Featured Research

from universities, journals, and other organizations

Ulcerative Colitis Treatment Reduces Need For Surgery By Almost Half, Study Suggests

Date:
October 1, 2009
Source:
Mayo Clinic
Summary:
A new study has found that ulcerative colitis patients had a 41 percent reduction in colectomy after a year when treated with infliximab.

A new study led by Mayo Clinic researchers has found that ulcerative colitis patients had a 41 percent reduction in colectomy after a year when treated with infliximab, according to a study published in the October 2009 issue of Gastroenterology.

Related Articles


Ulcerative colitis, an inflammatory bowel disease (IBD) that causes chronic inflammation of the colon, is characterized by abdominal pain and diarrhea. Like Crohn's disease, another common IBD, ulcerative colitis can be debilitating and often lead to colectomy or surgical removal of the colon.

"Our purpose in this study was to see if the use of infliximab for ulcerative colitis would reduce the need for surgery," says William Sandborn, M.D., a Mayo Clinic gastroenterologist and lead author of the study. "We found that treatment with infliximab reduced the need for colectomy by 41 percent compared to patients treated with placebo."

In this multi-center, international study, 728 patients received placebo or infliximab (5 or 10 mg/kg) for 46 weeks and were monitored for hospitalization or surgical outcomes. Eighty-seven percent (630 of 728) had complete follow-up for the endpoint of whether or not they had colectomy, while the remaining 13 percent (98 of 728) of patients had follow-up for less then a year, with a median follow-up of 6.2 months in these patients. The research showed that treatment with infliximab at 0, 2 and 6 and then every 8 weeks reduced the incidence of colectomy through 54 weeks by 41 percent in outpatients with moderately-to-severe active ulcerative colitis.

The cumulative incidence of colectomy through 54 weeks was 10% for infliximab and 17% for placebo (p=0.02). Compared with placebo, fewer ulcerative colitis-related hospitalizations and surgeries/procedures occurred with infliximab therapy.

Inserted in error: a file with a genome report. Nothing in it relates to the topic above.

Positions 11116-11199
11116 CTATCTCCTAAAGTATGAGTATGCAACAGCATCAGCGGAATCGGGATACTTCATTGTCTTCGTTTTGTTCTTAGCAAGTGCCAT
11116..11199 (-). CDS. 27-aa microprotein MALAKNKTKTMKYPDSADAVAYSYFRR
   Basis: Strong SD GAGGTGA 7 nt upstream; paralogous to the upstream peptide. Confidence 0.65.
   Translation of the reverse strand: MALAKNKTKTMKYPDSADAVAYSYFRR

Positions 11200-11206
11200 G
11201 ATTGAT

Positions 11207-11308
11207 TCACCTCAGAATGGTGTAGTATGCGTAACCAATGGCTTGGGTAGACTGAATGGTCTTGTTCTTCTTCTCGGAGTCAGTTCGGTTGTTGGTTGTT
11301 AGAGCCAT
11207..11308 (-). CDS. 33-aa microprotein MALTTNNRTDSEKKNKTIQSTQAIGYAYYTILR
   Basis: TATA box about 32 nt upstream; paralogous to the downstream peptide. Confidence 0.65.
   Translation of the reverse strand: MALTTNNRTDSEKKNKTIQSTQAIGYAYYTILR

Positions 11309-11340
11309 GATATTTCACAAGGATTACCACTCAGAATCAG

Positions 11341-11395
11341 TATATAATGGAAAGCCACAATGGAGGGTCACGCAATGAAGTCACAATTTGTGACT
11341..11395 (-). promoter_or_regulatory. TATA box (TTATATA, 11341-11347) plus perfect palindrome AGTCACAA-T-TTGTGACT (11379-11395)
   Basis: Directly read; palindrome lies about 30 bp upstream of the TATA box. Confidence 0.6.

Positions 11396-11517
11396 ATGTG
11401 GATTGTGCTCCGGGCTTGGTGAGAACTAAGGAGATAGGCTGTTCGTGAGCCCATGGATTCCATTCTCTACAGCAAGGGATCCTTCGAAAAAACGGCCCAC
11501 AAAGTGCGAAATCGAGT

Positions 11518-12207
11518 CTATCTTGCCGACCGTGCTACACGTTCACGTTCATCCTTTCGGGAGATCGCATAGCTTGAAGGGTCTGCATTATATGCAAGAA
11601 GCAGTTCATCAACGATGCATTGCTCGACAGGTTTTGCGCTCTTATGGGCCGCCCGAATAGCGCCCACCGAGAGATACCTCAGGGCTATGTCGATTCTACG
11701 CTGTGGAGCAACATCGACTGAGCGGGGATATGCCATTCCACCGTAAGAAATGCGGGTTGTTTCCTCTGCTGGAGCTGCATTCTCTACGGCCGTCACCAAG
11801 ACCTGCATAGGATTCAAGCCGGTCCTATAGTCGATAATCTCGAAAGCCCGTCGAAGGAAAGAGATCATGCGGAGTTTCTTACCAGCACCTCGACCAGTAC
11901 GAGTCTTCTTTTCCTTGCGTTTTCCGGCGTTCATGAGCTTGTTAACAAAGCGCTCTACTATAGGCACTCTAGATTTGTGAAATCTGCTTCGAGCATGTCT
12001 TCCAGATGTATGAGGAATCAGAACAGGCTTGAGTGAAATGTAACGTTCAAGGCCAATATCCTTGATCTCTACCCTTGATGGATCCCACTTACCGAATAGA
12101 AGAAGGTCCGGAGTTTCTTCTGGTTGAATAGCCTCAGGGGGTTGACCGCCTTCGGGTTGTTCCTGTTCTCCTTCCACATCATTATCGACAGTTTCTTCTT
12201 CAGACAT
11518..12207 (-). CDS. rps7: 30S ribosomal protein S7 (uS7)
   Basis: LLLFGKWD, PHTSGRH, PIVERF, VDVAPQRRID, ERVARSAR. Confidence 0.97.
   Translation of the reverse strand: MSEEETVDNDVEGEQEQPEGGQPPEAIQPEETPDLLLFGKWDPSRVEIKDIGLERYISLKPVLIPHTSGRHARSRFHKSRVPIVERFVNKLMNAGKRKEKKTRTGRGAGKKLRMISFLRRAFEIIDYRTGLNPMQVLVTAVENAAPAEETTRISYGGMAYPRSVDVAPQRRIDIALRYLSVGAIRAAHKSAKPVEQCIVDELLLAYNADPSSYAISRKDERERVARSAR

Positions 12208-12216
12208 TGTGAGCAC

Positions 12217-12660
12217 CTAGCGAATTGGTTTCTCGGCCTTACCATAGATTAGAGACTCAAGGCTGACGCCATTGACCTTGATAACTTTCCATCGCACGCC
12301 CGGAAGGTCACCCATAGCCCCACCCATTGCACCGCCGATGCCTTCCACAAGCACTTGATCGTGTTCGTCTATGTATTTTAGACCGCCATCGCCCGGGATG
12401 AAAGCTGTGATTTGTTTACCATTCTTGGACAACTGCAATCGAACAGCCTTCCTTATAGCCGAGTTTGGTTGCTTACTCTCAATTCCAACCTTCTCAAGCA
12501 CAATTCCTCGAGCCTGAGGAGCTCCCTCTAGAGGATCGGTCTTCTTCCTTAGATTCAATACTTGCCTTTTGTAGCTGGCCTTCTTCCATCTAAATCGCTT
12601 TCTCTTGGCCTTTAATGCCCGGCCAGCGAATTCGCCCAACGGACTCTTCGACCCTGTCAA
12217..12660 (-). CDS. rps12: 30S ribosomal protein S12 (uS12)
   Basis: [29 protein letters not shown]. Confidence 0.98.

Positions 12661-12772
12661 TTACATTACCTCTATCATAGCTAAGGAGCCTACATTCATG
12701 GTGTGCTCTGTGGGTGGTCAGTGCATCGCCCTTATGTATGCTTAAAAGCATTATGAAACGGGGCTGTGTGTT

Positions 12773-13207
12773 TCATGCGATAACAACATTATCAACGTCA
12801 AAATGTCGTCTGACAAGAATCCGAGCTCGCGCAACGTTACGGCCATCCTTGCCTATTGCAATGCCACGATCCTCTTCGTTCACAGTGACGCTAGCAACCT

"One of the most feared outcomes for ulcerative colitis patients is surgical removal of the colon," says Dr. Sandborn. "Our research hopes to provide other treatment solutions for patients beyond surgery."

Previous research has shown that infliximab therapy induced clinical remission and bowel healing for colitis patients. This new research provides more information and options for patients struggling with this difficult disease, explains Dr. Sandborn.

Infliximab is an artificial antibody that works by blocking tumour necrosis factor alpha (TNF alpha). TNF alpha is a chemical messenger and a key part of the immune reaction. Infliximab blocks the action of TNF alpha by preventing it from binding to its receptor in the cell.

Ulcerative colitis usually affects only the inner lining of the large intestine (colon) and rectum. It usually occurs in a continuous stretch of the colon, unlike Crohn's disease, which occurs in patches anywhere in the digestive tract and often spreads into the deeper layers of affected tissues.

Dr. Sandborn provided consulting services for Centocor during the course of this research and received no personal compensation. Mayo Clinic received reimbursement for the services provided by Dr. Sandborn.